A day earlier, angry protesters had blocked buses carrying immigrant detainees from reaching a Border Patrol processing facility here.
On Wednesday, while the rancor in Murrieta had eased, some remained adamant that they would fight any attempts to settle, even temporarily, young immigrants and their guardians from Central America who crossed the border illegally.
And officials and townspeople in Riverside County and elsewhere in border states wrestled with the correct response to the arrival of those immigrants and the backlash it has created.
Carol Schlaepfer, an activist from Pomona who helped block the buses Tuesday in downtown Murrieta, said she and others will organize another protest if officials try again to move immigrants there.
"We're going to be there," she vowed. "We're going to do the same thing, and hopefully with greater numbers of people."
In the small New Mexico town of Artesia, Mayor Phil Burch said residents held an emotional town hall debate Tuesday night over whether the city should oppose the arrival of underage immigrants at a federal facility nearby. In the end, the town decided not raise picket signs to protest the move.
"We don't like it," Burch said. "We'd prefer they not bring these people here. But we'll do our part to support the government."
The number of children and teenagers arriving alone from Guatemala, Honduras and El Salvador is expected to reach up to 90,000 by the end of the year, along with a surge of families with children seeking safe passage into the U.S. Many immigrants say they are fleeing violence in their home countries.
The dramatic standoff in Murrieta highlighted a current of angst over the influx and underscored the challenges the government may face as it moves to transfer immigrants away from border areas, where detention facilities are overcrowded.
Many minors who arrive by themselves are being transferred to emergency shelters in Texas, Oklahoma and California, while some children accompanied by a guardian are being sent to processing stations in Laredo and El Paso, Texas, and Murrieta and El Centro, Calif. Most will be released with orders to appear in immigration court.
Immigration officials have not said exactly how many people will be moved.
Murrieta became a flash point for emotions over the issue Tuesday afternoon, when 100 to 150 people blocked three buses of immigrant children and adults from reaching the Border Patrol processing station. Demonstrators and counter-demonstrators shouted and even spat at one another.
The migrants who were turned back from Murrieta were driven to San Diego and taken to at least three Border Patrol stations. Officials have not said if and when they will attempt another transfer to Murrieta.
"They should handle this problem in Texas," said Calvert, who described his constituents as "extremely upset."
"I'm getting hundreds of phone calls," he said. "The anger is growing."
Rep. Lucille Roybal-Allard (D-Downey) offered a different view.
"The buses the protesters tried to stop weren't filled with dangerous criminals," she said. "They were carrying women and children, many of whom fled their homes in Central America to escape violence and death."
While many of the migrants are likely to be eventually deported, "we must afford them access to basic due process and treat them with simple human dignity while they are in our government's custody," she said.
Calvert, who sits on the
He plans to examine whether National Guard troops should be deployed to the border, as a number of his GOP colleagues have suggested.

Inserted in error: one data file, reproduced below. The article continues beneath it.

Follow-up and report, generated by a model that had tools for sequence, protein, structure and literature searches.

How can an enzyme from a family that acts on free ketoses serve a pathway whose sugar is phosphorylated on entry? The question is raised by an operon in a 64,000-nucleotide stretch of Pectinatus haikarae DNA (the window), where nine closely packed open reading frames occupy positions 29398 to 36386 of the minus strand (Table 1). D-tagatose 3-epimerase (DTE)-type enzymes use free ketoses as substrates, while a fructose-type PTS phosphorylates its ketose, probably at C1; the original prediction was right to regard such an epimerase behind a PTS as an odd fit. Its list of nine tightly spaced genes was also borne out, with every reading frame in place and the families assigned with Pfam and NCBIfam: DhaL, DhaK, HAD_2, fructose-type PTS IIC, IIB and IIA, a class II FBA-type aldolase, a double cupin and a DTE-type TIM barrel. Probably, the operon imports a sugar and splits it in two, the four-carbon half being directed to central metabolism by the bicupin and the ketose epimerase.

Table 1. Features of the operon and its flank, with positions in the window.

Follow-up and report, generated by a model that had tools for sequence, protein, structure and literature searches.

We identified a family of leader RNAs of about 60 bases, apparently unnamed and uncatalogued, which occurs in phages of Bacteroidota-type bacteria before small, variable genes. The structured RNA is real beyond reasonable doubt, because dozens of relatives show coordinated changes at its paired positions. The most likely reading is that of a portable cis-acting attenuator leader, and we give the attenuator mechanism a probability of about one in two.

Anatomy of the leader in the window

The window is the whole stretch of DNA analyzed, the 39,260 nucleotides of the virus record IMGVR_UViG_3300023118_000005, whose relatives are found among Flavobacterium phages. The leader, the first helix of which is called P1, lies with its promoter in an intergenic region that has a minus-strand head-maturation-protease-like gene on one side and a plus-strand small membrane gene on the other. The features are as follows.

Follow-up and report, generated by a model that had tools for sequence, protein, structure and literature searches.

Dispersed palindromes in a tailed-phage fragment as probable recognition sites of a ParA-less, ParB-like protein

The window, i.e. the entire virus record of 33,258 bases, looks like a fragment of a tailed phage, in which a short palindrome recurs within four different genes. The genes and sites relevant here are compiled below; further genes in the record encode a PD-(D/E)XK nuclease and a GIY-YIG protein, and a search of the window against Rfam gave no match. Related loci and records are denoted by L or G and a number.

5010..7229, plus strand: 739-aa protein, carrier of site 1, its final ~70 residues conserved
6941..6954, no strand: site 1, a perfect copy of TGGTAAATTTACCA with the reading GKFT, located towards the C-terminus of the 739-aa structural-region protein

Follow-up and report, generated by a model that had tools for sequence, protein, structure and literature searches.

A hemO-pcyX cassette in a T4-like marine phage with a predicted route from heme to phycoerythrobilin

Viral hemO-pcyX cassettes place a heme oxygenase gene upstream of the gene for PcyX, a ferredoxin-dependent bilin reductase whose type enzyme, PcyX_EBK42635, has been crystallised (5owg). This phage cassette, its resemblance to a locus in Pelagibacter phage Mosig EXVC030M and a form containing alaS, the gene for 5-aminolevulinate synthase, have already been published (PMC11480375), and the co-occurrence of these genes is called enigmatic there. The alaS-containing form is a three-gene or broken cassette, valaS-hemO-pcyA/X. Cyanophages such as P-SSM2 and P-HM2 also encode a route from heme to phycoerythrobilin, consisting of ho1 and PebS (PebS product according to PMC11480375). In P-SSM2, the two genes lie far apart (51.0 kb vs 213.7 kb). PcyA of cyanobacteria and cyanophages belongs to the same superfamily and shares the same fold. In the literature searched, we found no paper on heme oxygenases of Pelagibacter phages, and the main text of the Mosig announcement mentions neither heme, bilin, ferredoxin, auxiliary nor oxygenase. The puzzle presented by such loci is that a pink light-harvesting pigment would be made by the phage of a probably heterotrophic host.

Calvert, who toured the Murrieta Border Patrol facility earlier this week, said he expects the protests to continue if more buses with immigrants arrive. He said the Inland Empire's struggling economy has fueled tensions over illegal immigration.
In neighboring Imperial County, El Centro also received a convoy of migrants to the city's Border Patrol station, but the reaction was muted.
"We're 12 miles from the border," said El Centro Mayor Cheryl Viegas-Walker. "We understand the dynamics a little bit better here."
She cited the city's close working relationship with the Border Patrol and said that, after initial concerns that arrivals would swamp the area's social services, officials are confident that the federal agencies have a plan in place. And residents have mostly responded positively to the new arrivals, she said.
In Murrieta, a handful of local residents stopped by Wednesday to see if there would be any further protests.
Skylar Faria said he joined the protest on Tuesday after learning about it on Facebook. "We have no idea who these people are," he said. "There are a lot of medical costs [and] once the children become of age then they're in schools."
While activists opposed to illegal immigration waited to see if they would have another chance to block busloads of migrants, immigrant advocates were preparing for their possible arrival.
Tina Nicholas, who has lived in Murrieta for 25 years, said she has been working with local churches to coordinate relief for the migrants. Residents have collected bags of groceries, hygiene products and diapers in anticipation of the arrivals, she said.
Luz Gallegos of TODEC legal center, which offers services to local migrants and is based in nearby Perris, said locals have been emailing, calling and using social media to offer shelter, food and transportation for the migrants.
"It's overwhelming all the response from the community," she said. "We are welcoming our migrants and it breaks our hearts that there is so much hate."
Gallegos said she drove by the protests Tuesday but decided not to stop.
People "see the protests," she said. "But they don't see the goodness of people coming together across the Inland Empire."
Times staff writers John M. Glionna, Matt Hansen and Richard Marosi contributed to this report.